Ricardo Hartley is one of five boys from Booker T. to make it to the hallowed halls of Juilliard this year.
Mention The Juilliard School, and some famously talented alumni spring to mind: Viola Davis, Kevin Spacey, Jessica Chastain, Van Cliburn. This fall, five Dallas boys join Juilliard’s elite ranks — but it’s the nature of their acceptance that makes it that much sweeter.
Dallas’ Booker T. Washington High School for the Performing and Visual Arts grads Ricardo Hartley, Zane Unger, Kade Cummings, Michael Garcia, and Todd Baker are five of only 12 male students Juilliard accepted into its dance program this year — the most dancers it has taken from a single high school in its history.
Gathered together in a Booker T. classroom earlier this summer, “On cloud nine” was how each described how he felt upon discovering his fate. Also part of the conversation between the five friends: transitioning to life in New York, long hours logged at rehearsals, and their very different tastes in music.
“I play the piano every day,” says Unger. Laughter from the group ensues after Cummings replies, “He plays the same two songs, and they’re horrible.”
Here, we get to know the dance world’s new fab five.
“Sometimes I’m in the mood for throwback ’90s, like Missy Elliot or Tupac. Sometimes some Lemonade by Beyoncé. Or, I’m into my feelings, so I listen to classical music to be calm and serene.” Despite playing the violin for eight years, Hartley, a Georgia native, arrived at Booker T. his senior year to pursue ballet.
Citing ballet phenom Misty Copeland — principal dancer for the American Ballet Theatre — as his primary inspiration, Hartley reflects fondly on his education in Dallas, thankful his teachers recognized that he and his peers were not there solely for academics. “They know we have after-school rehearsals until 9 pm, so they don’t pile homework on us,” he says. “They really invest in our artistry.”
“We all have that artistic mind and are so far out of the box that the box is not even there.” Unger, unlike most, loves the feeling of butterflies in his stomach before a performance. As a self-professed clumsy kid, he was a tap dancer who idolized the Rat Pack and spent his free time watching Sammy Davis Jr. and Gregory Hines in the film Tap.
Performing on stage at venues within the AT&T Performing Arts Center as a high school student offered him a glimpse into the bigger world of dance, as did attending several TITAS events in the Dallas Arts District. “Dance is hard,” he says. “But going out on stage, that’s what I love the most.”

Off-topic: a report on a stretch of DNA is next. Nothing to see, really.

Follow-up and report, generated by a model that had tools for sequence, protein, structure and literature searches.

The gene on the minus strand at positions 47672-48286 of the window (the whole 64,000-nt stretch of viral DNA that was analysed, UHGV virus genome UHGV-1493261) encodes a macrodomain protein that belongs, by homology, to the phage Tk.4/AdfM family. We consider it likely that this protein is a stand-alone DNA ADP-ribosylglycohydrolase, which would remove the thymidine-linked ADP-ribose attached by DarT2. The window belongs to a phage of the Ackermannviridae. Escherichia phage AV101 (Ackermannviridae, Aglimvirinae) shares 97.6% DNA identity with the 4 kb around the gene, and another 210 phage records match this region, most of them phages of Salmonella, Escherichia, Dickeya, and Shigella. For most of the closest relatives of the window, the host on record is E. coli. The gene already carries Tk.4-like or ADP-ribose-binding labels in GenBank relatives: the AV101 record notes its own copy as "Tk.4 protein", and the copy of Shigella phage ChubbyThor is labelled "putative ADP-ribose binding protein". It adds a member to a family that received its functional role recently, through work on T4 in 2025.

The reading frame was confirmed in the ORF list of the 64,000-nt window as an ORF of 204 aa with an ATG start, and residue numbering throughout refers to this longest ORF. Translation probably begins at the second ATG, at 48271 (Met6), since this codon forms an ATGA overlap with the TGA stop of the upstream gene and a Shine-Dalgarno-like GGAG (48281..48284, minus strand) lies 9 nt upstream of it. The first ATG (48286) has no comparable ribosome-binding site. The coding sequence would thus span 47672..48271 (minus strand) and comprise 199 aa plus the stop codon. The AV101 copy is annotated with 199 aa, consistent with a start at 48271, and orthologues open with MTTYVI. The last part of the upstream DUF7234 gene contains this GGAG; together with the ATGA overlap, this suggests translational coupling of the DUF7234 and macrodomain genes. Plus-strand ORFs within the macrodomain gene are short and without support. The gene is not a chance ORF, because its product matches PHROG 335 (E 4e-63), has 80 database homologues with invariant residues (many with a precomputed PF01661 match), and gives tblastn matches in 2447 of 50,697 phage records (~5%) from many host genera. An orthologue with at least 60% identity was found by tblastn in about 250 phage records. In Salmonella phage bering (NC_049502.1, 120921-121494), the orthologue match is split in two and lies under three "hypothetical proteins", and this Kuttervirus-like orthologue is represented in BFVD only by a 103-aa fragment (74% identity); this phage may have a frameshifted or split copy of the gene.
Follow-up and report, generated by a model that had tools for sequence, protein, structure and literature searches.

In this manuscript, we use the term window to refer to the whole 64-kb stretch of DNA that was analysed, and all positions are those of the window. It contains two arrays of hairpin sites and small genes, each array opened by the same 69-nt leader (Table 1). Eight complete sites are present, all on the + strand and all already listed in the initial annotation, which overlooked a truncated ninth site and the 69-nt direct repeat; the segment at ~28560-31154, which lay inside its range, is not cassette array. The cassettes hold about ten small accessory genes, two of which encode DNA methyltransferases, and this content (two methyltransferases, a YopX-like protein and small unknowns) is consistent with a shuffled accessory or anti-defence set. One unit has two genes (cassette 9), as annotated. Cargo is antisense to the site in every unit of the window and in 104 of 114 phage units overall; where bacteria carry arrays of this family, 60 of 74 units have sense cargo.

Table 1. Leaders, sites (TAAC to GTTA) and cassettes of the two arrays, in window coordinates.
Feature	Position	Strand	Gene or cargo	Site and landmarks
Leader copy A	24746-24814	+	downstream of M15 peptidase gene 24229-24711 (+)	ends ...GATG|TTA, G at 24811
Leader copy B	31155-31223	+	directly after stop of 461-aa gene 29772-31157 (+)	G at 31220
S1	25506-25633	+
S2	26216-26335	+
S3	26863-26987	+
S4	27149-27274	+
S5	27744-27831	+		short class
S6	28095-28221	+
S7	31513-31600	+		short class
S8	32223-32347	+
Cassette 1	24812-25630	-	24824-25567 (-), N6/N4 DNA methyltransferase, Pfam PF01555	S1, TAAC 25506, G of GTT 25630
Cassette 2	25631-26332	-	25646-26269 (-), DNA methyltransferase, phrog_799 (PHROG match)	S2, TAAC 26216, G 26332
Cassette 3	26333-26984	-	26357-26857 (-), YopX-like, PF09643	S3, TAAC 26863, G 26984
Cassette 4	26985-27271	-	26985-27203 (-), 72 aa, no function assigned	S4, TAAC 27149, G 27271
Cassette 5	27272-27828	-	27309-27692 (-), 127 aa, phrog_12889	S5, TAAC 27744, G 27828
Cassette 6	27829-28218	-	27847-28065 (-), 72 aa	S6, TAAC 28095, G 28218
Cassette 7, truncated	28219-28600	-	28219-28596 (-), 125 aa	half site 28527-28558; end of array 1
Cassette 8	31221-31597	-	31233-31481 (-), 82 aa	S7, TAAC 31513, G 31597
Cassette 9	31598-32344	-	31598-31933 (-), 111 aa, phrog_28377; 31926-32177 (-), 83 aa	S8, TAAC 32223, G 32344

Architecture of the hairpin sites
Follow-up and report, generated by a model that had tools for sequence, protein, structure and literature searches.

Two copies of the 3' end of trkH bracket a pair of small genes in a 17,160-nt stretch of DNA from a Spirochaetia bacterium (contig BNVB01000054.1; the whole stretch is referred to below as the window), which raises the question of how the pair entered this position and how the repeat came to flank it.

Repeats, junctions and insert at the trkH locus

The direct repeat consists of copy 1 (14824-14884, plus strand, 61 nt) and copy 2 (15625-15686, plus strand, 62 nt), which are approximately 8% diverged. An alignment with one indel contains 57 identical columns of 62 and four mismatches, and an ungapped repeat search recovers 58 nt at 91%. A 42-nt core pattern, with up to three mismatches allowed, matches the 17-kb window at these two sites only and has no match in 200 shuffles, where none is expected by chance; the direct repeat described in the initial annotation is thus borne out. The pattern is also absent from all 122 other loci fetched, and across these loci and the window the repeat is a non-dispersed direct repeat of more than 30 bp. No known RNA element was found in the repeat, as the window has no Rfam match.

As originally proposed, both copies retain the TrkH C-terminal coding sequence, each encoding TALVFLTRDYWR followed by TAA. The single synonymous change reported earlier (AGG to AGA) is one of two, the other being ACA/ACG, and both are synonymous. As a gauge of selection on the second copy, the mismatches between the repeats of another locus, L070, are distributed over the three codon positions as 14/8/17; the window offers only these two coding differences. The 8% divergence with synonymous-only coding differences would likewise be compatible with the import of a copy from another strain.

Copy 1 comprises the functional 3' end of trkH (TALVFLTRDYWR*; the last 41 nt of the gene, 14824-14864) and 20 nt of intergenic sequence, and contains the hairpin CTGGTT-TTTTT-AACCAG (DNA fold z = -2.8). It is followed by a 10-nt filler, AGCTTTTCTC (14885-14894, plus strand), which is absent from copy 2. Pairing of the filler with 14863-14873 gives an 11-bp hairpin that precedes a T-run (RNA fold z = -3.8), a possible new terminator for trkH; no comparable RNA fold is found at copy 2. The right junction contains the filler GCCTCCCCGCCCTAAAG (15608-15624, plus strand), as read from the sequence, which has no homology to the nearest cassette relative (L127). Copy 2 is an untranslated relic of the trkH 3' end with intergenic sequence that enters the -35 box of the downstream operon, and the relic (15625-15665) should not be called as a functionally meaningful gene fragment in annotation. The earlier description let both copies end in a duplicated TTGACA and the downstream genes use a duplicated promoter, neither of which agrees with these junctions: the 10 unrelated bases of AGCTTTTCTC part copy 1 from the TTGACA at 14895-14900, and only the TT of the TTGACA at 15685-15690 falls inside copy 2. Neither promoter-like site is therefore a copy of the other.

“My inspiration is not anybody big in the dance world — it’s my grandma. She’s still a ballerina, and she is 69, I think.” Cummings’ grandmother received her Master of Fine Arts in dance at Texas Christian University. Cummings began his path to dance following in the footsteps of one of his sisters, tagging along as she visited various studios. At Booker T., he learned to compete with himself and nurture his talents, as opposed to competing with those around him.
This summer, he, Hartley, and Baker traveled to the Netherlands to perform with celebrated ballet company Nederlands Dans Theater. Afterwards, Cummings was off to Jamaica for a vacation with his parents, who are interior designers. Post-Juilliard, he says, “I hope to be part of a professional concert dance company and travel around the world.”
“I started dance when I was seven years old. My mom put me in classes because I was one of those kids who always danced when music came on. After my first class, I was hooked.” Originally from South Texas, Garcia is the first person in his family to attend a university other than a community college. Booker T. has been his safe haven, he admits, a place for him to be free, creative, and to obtain the real-world experience that ultimately appealed to the major players at Juilliard.
In January of last year, Garcia exercised his strength in a dynamic and athletic solo performance choreographed by Jessica Hendricks during Miami’s YoungArts Week, a scholarship program that recognizes talents of dancers, photographers, musicians, and other visual artists. “That was one of the best performances and weeks of my life.”
“To have an effect on people just by using your body is incredible. Expressing something that someone can relate to can almost change a life; it can do wonders.” Movie musicals fascinated Baker, who began dancing in fourth grade.
In high school, he started off as a classical jazz commercial dancer but fell in love with ballet after performing Dwight Rhoden’s “Testament,” a contemporary ballet dance ensemble, at the annual Dallas DanceFest. “It changed my path,” he says. “I was never exposed to something like that — the feeling I got from performing to an audience that’s just there to appreciate the art of dance.”